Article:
TagAmsalem

Reading of the Week: African Nova Scotian Youth & Stigma; Also, Engaging Health Care Workers (Psych Services) and Therapy & Psychiatry (Psych Times)

From the Editor

Many with mental disorders don’t engage in psychiatric care or, if they do, it is after significant delays – problematic for obvious reasons. Some groups are less likely to engage, including young Black individuals with psychosis.

Why the hesitation? What are the concerns of these patients and their larger communities? In the first selection, a paper just published by the Canadian Journal of Psychiatry, Ingrid Waldron (of McMaster University) and her co-authors take a qualitative interpretive narrative approach, to engage African Nova Scotians – including those in a first episode psychosis program – attempting to answer these questions and more. Among their key findings: “barriers include a lack of trust in health care services and a dearth of African Nova Scotian service providers.” We discuss the paper and its implications.

In this week’s second selection, Dr. Doron Amsalem (of Columbia University) and his co-authors aim to improve health care workers treatment seeking; in a paper for Psychiatric Services, they describe an RCT for a brief video intervention, finding positive results. They write: “This easily administered intervention could increase the likelihood of care seeking by proactively encouraging health care workers with mental health challenges to pursue treatment.”

Finally, in the third selection, Mark L. Ruffalo (of the University of Central Florida College of Medicine) and Dr. Daniel Morehead (of the Tufts Medical Center) consider psychotherapy and psychiatry. In an essay for Psychiatric Times, they argue that this is “the great divorce that never happened.” They write: “For decades, critics and leading psychiatrists have worried that psychotherapy among psychiatrists will one day die out and be forgotten. Yet for decades, reports of its demise have been greatly exaggerated.”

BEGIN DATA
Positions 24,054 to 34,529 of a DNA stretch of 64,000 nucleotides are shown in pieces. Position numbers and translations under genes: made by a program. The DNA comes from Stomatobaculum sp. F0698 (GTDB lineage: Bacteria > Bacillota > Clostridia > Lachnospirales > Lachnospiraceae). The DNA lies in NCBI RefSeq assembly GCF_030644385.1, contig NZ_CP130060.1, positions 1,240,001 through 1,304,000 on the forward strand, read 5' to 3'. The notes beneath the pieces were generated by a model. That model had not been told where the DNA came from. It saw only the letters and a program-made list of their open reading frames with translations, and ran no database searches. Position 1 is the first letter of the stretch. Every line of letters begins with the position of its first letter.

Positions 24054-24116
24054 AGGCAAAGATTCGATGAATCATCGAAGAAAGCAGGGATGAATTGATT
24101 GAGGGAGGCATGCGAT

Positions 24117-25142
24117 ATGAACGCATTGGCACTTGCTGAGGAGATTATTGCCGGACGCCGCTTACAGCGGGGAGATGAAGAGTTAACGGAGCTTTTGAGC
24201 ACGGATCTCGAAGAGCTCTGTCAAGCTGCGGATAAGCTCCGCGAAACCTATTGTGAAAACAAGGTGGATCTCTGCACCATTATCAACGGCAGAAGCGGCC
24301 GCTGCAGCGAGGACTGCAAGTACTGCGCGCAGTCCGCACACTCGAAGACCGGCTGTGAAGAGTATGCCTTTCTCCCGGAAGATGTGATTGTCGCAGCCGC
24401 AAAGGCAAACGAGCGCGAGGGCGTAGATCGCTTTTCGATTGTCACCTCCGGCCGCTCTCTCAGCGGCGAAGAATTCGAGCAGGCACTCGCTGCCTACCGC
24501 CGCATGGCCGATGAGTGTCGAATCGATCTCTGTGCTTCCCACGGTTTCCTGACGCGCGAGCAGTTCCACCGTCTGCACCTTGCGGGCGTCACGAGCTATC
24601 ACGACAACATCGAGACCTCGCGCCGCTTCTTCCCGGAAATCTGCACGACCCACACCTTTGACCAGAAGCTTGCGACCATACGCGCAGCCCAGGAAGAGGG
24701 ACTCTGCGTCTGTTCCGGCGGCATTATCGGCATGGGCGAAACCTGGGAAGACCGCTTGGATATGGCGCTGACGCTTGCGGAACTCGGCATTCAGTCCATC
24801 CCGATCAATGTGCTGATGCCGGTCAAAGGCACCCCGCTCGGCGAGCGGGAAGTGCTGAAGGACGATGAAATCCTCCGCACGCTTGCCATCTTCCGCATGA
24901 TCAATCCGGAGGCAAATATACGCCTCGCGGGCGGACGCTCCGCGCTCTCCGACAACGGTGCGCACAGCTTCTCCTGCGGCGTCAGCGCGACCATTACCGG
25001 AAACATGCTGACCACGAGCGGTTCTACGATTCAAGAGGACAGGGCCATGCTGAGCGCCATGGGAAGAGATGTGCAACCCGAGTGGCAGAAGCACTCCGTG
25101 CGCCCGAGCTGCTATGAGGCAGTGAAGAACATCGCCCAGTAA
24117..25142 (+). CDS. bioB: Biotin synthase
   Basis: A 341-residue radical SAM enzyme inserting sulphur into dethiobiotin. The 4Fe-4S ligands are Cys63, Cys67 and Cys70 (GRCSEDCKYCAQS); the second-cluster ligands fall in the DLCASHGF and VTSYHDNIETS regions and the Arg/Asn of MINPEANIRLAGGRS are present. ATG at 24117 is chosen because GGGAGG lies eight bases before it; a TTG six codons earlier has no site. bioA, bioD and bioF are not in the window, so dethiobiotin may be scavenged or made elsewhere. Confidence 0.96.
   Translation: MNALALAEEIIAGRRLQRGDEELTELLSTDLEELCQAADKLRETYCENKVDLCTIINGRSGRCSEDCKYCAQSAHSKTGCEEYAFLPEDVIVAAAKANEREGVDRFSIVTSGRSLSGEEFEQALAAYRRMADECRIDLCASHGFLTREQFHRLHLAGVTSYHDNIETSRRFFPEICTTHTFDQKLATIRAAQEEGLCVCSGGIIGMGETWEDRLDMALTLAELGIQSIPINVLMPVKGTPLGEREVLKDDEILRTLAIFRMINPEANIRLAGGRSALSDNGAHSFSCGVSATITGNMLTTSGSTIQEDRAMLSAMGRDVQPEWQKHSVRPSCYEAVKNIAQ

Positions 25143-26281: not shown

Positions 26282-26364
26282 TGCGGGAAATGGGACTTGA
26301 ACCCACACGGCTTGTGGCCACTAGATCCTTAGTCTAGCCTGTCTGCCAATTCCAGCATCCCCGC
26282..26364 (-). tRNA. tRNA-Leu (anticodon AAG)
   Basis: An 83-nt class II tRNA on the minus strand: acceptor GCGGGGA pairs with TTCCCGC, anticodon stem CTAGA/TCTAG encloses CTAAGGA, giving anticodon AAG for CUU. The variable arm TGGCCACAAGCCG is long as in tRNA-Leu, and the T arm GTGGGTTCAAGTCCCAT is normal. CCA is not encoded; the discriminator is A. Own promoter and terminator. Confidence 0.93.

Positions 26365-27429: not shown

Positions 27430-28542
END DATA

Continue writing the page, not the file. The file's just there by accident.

DG

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Reading of the Week: Helping Healthcare Workers Seek Help; Also, Smoking Cessation for Inpatients & Priebe on Why Patients Should Be Called Patients

From the Editor

How do we connect with them?

With the worst of the third wave now behind us, we are beginning to look forward. But for some, the problems of the pandemic aren’t fading. They will continue to struggle with mental health problems.

Healthcare workers are particularly at risk. They are also, collectively, a group that is difficult to engage. In the first selection, we look at a new paper from The British Journal of Psychiatry. Dr. Doron Amsalem (of Columbia University) and his co-authors do a video intervention to increase treatment seeking. The resulting RCT is impressive. The authors write: “The high proportion of healthcare workers surveyed in this study who reported symptoms of probable generalised anxiety, depression and/or PTSD emphasises the need for intervention aimed at increasing treatment-seeking among US healthcare workers. A three-minute online social contact-based video intervention effectively increased self-reported treatment-seeking intentions among healthcare workers.”

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In the second selection, Richard A. Brown (of the University of Texas at Austin) and his co-authors look at a new approach to an old problem: high smoking rates among people with severe mental illness. Focusing on inpatient hospitalizations, they design an intervention built on motivational interviewing. We consider their JAMA Psychiatry paper.

Is the term patient antiquated? Should we use other terms, like client or service user? In a BJPsych Bulletin paper, Dr. Stefan Priebe (of Queen Mary University of London) argues that we serve patients – and that words matter. “Mental healthcare is based on shared values and scientific evidence. Both require precise thinking, and precise thinking requires an exact and consistent terminology.”

DG

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